On Monday, July 12, committee members re-elected City Councilor Bret Weber and Local Entrepreneur Jonathan Holt as Chair and Vice Chair, respectively, of the Growth Fund. After that, the committee worked out the details of how the Office of Workplace Development can convert a startup loan for technology companies into a block of shares if the company proves to be successful. The committee then entered into such an agreement. with First-i drone company.
According to Keith Lund, president and CEO of the Grand Forks Regional Economic Development Corporation, the question of how the Growth Fund can get a better return on some of its investments has been in the minds of city and economic officials for some time. Lund spoke at the Growth Fund meeting on Monday.
The idea was conceived and then discussed to include the possibility of changing the loan given to a technology startup – through the Fast Track Program – to a share of equity equal to the amount of the loan. The JDA approved the proposal at its meeting last Tuesday, and some outstanding issues were clarified at its Growth Fund meeting on Monday.
“The question was asked: is there a way to increase the financial capacity of the Growth Fund?” Lund said.
This question can be answered by converting the loan into a shareholding of a company with high growth potential. Under the new policy change, Accelerate’s loans may include so-called “convertible bonds,” meaning JDA has the option to buy at a discount the shares of the company to which it lent the capital.
However, this does not mean that JDA will buy shares right and left. Accelerated loans may or may not include convertible bills of exchange, and some may remain on their usual terms: a maximum of $ 250,000 with no payments or interest for three years, then two years at 2% per annum, also no payments, followed by a balloon at expiration five years.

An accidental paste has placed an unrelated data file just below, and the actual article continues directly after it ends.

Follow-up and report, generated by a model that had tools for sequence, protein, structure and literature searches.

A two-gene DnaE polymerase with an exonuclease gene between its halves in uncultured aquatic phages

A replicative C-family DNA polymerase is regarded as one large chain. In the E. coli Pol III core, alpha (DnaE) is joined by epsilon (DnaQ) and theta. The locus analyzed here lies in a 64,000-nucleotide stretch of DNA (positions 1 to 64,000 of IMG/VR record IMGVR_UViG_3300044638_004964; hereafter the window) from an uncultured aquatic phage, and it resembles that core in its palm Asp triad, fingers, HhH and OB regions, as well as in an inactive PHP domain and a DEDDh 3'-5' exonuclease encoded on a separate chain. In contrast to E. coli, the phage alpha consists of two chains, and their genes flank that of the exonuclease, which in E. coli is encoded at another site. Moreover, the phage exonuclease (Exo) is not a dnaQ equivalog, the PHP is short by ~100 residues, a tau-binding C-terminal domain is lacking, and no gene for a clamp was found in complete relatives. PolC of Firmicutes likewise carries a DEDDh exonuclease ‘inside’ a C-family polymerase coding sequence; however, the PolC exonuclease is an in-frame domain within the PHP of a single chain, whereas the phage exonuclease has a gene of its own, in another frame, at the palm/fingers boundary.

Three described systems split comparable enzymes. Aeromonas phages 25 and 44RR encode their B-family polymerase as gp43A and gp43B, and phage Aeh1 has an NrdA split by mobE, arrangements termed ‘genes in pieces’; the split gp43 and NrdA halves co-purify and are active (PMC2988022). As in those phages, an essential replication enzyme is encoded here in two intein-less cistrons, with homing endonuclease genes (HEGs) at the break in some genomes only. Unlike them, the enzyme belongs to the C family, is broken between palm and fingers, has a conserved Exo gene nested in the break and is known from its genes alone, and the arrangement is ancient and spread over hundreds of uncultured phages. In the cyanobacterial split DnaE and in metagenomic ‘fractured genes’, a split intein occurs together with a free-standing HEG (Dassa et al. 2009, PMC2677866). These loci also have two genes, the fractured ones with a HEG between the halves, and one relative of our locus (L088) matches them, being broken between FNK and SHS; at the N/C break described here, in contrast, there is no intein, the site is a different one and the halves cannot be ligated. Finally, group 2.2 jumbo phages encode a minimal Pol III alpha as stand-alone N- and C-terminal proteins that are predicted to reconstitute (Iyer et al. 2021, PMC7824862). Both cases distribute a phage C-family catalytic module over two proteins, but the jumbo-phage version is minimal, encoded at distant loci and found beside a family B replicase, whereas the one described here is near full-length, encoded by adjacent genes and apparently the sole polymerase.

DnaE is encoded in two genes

On Monday, committee members agreed that an acquisition of a 10% stake in the company should be sufficient if this option is chosen, and that government funding qualifies as a necessary eligibility in the program. Accelerate loans require a dollar-to-dollar ratio of “private or institutional investment”.
The committee has taken steps to address potential conflicts of interest if the city does business with a company in which JDA owns a stake. If such a company responds to the city’s request for proposal, a third party will likely be called in to weigh the matter.
After the convertible banknote program was largely developed, the committee voted to grant the Accelerate loan to First-i, a drone and UAV data management company. The loan amount is $ 250,000, which will provide government funding in the amount of $ 850,000. If JDA converts this loan into equity, it will be able to buy shares at a 20% discount.
Also at Monday’s meeting, committee members voted to give Grand Forks City Attorney Dan Gaustad permission to authorize the public sale through a closed offer of JDA-owned corporate center II on downtown Demers Avenue. The building is estimated at $ 3 million. Gaustad said JDA is under no obligation to accept applications below that amount.
Corporate Center I needs some work before proceeding to participate in the auction, as some tenants have the right to buy out the space they are leasing.